Putin Invited to White House in Early 2019

October 26, 2018 Updated: October 26, 2018

The White House has formally invited Russian President Vladimir Putin to Washington, National Security Advisor John Bolton said on Oct. 26.

President Donald Trump and Putin are also expected to meet briefly in Paris on the sidelines of events commemorating the centenary of the end of World War I.

Trump last met with Putin in Helsinki, the Finnish capital, and then issued Putin an invitation to visit Washington in the autumn. The meeting was postponed.

Bolton made the announcement in ex-Soviet Georgia days after meeting Putin and senior security officials in Moscow. Bolton said he gave Putin an invitation to visit next year during his trip to Moscow.

It was not immediately clear if Putin had accepted the invitation. Putin last held a meeting with a U.S. president on American soil in 2015 when he met Barack Obama on the sidelines of a U.N. General Assembly.

Trump has said it is in U.S. interests to establish a solid working relationship with Putin.

Arms Treaty

Shortly before Bolton met with officials Moscow, Trump announced that the United States would exit the Intermediate-Range Nuclear Forces (INF) treaty with Russia. Washington has said for years that Moscow violated the treaty by deploying a banned missile launch system.

Bolton remained firm on quitting the INF treaty after a 90-minute meeting with Putin.

Only Russia and the United States are bound by the Cold-War era treaty, which banned the possession, production, and testing of short- and mid-range missiles and related equipment. Meanwhile, China, Iran, and North Korea have built up alarming arsenals of the weapons prohibited by the treaty.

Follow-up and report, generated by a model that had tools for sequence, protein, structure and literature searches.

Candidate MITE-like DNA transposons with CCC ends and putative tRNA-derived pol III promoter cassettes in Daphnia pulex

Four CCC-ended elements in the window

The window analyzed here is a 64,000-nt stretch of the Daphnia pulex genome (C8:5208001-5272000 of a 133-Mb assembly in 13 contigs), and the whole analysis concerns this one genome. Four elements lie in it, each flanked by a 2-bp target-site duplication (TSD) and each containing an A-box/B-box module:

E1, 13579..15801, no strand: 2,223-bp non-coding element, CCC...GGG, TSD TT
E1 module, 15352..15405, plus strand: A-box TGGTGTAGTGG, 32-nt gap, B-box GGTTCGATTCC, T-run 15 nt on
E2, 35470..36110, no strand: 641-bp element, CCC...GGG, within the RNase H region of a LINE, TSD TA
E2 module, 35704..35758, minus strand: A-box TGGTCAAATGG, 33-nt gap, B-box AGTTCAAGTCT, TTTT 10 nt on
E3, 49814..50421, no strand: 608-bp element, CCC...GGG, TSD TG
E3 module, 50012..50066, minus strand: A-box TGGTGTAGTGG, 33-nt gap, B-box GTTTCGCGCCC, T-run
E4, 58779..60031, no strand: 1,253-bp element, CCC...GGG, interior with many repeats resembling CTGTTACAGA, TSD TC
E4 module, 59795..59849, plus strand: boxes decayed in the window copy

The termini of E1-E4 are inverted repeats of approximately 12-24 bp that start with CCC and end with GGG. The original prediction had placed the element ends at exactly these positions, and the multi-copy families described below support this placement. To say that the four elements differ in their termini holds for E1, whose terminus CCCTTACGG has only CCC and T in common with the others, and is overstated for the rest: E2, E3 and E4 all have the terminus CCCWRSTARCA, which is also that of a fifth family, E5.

Trump said he would be open to a treaty that includes China and other nations.

“We’ll have to develop those weapons, unless Russia comes to us, and China comes to us, and they all come to us and they say, ‘Let’s really get smart and let’s none of us develop those weapons.’” Trump said. “But if Russia is doing it and if China is doing it, and we’re adhering to the agreement, that’s unacceptable.”

Bolton told reporters in Russia that Washington has tried to have other nations join the INF treaty for years with no success.

Election Interference

Days before Bolton’s trip to Moscow, the United State indicted a Russian national for managing the finances of a sophisticated operation aimed at interfering with foreign affairs, including the 2018 midterm elections in the United States. The operation, codenamed “Project Lakhta,” was funded with tens of millions of dollars.

In February, special counsel Robert Mueller, who is investigating Russia’s meddling in the 2016 election, indicted 13 Russian nationals who worked for and financed Project Lakhta, accusing them of interfering with the 2016 presidential election. The 13 were among 19 Russians sanctioned by the United States in March for their roles in election interference and cyberattacks.

In July, Mueller indicted 12 Russian nationals, charging them with hacking the Clinton campaign and the Democratic National Committee. Russians disseminated the emails obtained through the hacks with the intent of interfering in the 2016 election, the indictment alleges.

Russia denies all of the accusations.

None of the indictments against the Russian nationals include any allegation that any American knowingly colluded with Russia.

Bolton told Russian officials that the interference attempts achieved little, but have instead served to undermine the relationship between the United States and Russia.

Reuters contributed to this report.

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